Nobody got hit, said Mo. It was just the window that got wrecked.
Bad state of affairs, said the man. Nuts.
Mo’s first client of the day, in for an eyebrow wax and an eyelash tint, never commented on the window.
Blue black? Mo asked.
Blue black, the woman said.
She had taken her shoes off to lie on the bed and they sat neat in the corner, sad little comfortable shoes. Mo mixed the dye in the glass vial then smeared the Vaseline over her eyelids and under her eyes, positioned the semi-circles of paper under her bottom lashes. That window. Unfair so it was. The woman’s eyelids fluttered as the dye went on, cold and wet.
That’s us, said Mo. I’m going to leave you for ten minutes to let that take. You warm enough? Mo pressed two cotton wool pads on her eyes.
Oh yes, said the woman, lovely.
Good then, said Mo, and she closed the door on the woman lying blind in the dark.
The man from the glass place said he couldn’t come out until tomorrow but Mo supposed that was probably as good as she was going to get; she knew that even with the insurance this was going to work out expensive, one way or another. It wasn’t a total surprise it happened, she had been expecting something or other. And shouldn’t she be thankful that it wasn’t something worse, good it had happened when there weren’t any clients around. That fella would call in soon again, she knew it.
Mo went back into the room.
Yes, just nodded off, said the woman. Can I stay here the rest of the day?
Mo laughed as she cleaned off the dye, firmly and precisely, and then she handed the woman a mirror to look at the transformation. Before: eyes like a rabbit’s, pink and fair. After: it’s all the blue black. The woman made her mirror face, an ingénue smile even though she hadn’t seen sixty in years.
Oh now that’s great. That’s great.
The eyebrow wax took seconds, a few swift strokes. Mo mentally calculated her pay per second.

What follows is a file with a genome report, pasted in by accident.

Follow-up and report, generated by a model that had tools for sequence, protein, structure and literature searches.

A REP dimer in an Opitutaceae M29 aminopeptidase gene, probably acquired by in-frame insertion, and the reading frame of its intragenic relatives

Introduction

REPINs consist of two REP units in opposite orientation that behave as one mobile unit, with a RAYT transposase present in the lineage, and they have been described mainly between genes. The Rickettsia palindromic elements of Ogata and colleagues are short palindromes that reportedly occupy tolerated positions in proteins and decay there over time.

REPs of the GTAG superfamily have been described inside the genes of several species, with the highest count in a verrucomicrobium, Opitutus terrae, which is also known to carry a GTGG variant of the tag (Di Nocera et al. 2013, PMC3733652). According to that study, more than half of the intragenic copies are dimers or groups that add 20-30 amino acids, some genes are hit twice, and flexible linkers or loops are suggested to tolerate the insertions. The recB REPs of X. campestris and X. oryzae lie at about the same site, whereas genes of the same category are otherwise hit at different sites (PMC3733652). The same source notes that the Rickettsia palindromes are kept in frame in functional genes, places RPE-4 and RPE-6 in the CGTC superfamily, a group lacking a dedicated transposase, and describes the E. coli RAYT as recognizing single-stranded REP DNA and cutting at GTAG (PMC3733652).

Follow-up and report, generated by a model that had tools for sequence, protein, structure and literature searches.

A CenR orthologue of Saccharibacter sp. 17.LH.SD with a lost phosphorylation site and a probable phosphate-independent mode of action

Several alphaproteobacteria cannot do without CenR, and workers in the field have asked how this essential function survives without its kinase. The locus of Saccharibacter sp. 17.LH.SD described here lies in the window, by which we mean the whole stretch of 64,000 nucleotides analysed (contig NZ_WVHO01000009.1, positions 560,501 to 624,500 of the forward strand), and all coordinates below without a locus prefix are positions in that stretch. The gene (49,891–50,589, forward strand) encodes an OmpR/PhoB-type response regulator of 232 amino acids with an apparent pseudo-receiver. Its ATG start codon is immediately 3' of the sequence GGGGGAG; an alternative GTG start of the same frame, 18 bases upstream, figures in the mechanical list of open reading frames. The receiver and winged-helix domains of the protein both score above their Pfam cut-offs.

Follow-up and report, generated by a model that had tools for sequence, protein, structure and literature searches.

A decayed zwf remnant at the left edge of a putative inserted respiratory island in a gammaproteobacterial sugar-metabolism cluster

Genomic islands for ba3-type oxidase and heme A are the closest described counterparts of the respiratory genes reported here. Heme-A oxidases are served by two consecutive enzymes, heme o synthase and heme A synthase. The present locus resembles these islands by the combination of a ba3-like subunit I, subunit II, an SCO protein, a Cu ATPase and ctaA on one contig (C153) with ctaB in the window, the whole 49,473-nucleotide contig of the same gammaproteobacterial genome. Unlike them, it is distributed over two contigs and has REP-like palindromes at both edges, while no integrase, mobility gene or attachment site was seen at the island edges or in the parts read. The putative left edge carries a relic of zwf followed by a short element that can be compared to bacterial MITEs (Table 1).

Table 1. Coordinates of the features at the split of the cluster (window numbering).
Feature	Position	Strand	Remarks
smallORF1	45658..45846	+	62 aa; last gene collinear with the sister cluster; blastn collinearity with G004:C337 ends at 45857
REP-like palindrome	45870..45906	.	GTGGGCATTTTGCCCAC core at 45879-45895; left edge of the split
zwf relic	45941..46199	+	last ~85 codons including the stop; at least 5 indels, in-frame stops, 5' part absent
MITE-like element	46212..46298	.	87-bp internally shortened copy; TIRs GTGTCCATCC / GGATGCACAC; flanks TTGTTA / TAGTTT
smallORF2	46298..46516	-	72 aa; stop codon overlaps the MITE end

As the woman went out, the butcher came in. Here you might be needing this, he said. We had a bit left over. And he held out a length of glass repair film.
He put it on with only a couple of bubbles rising.
Kids, huh? the butcher said.
Kids, said Mo. That’s good of you, I appreciate it. That’s great.
Just pay it, he said. Ain’t really that much, just pay it.
She hadn’t spoken to him before beyond hello. She didn’t talk much during the day. Alright, if it was nails, you’re facing the person and it’s ignorant not to, so you have to talk, but people want to keep it light, holidays and work-dos and new shops that have opened in the town. Other treatments, people just need you to shut the fuck up so let them head off to wherever they want as the cotton wool sweeps over them or your hands smooth their skin with cream. Oh there were questions you could ask if you wanted to, bodies that begged for someone to ask why, what’s all that about. That long thin scar, running along the inside of your thigh, lady in the grey cashmere, what caused that? Those arms like a box of After Eights, slit slit slit, why you doing that, you with your lovely crooked smile, why you doing that? The woman with the bruises round her neck, her hand fluttering to conceal them. Jeez missus, is your fella strangling you? But you don’t ask, why would you?
Mo had done enough talking, done enough listening. The call-centre job she had done at night while getting the beauty qualification had a boss called Eamonn, a man from Donegal in a velvet jacket. The pay was very poor, he had told her, below the minimum wage, but for every thirty seconds you kept people on the phone over ten minutes you got a bonus. Plus you could work all the hours you wanted pretty much, right into the night. Theresa over there, he pointed at a woman drinking tea from a flask, Theresa earns more than I do. There was a choice: either the sex line or the fortune line. Irish angle on both: guys getting off talking to colleens or women having their future decided by Celtic mystics. The other new girl said, what’s with the Irish stuff? I’m not telling some fella I’m Irish when I’m not. You’ll just be on the phone, the man from Donegal had said. It’ll just be the accent. Which for most people is, regardless of your own local distinctions, Irish. But I’m British, she said. I’m from the loyalist community. Eamonn had looked thoughtful. No, he said. No. That’s just too niche. Loyalist psychic readings. Loyalist girls wanting to talk to you now. No my sweetheart you are Irish to your fingertips and if you don’t like it then that, and he pointed, is the door. She had stayed though and so had Mo. And what would you say, asked Mo, if you were speaking to the fellas? ‘Work away there’, ‘keep working away there’ and ‘that you finished’? I’m sure you can manage something better Mo, he had said, if you want to earn any money. Mo was put on the fortune telling. No knowledge of anything spiritual required, said Eamonn. Just keep it sensible and lengthy. If anyone is in severe straits give them the number of the Samaritans. But only after a while.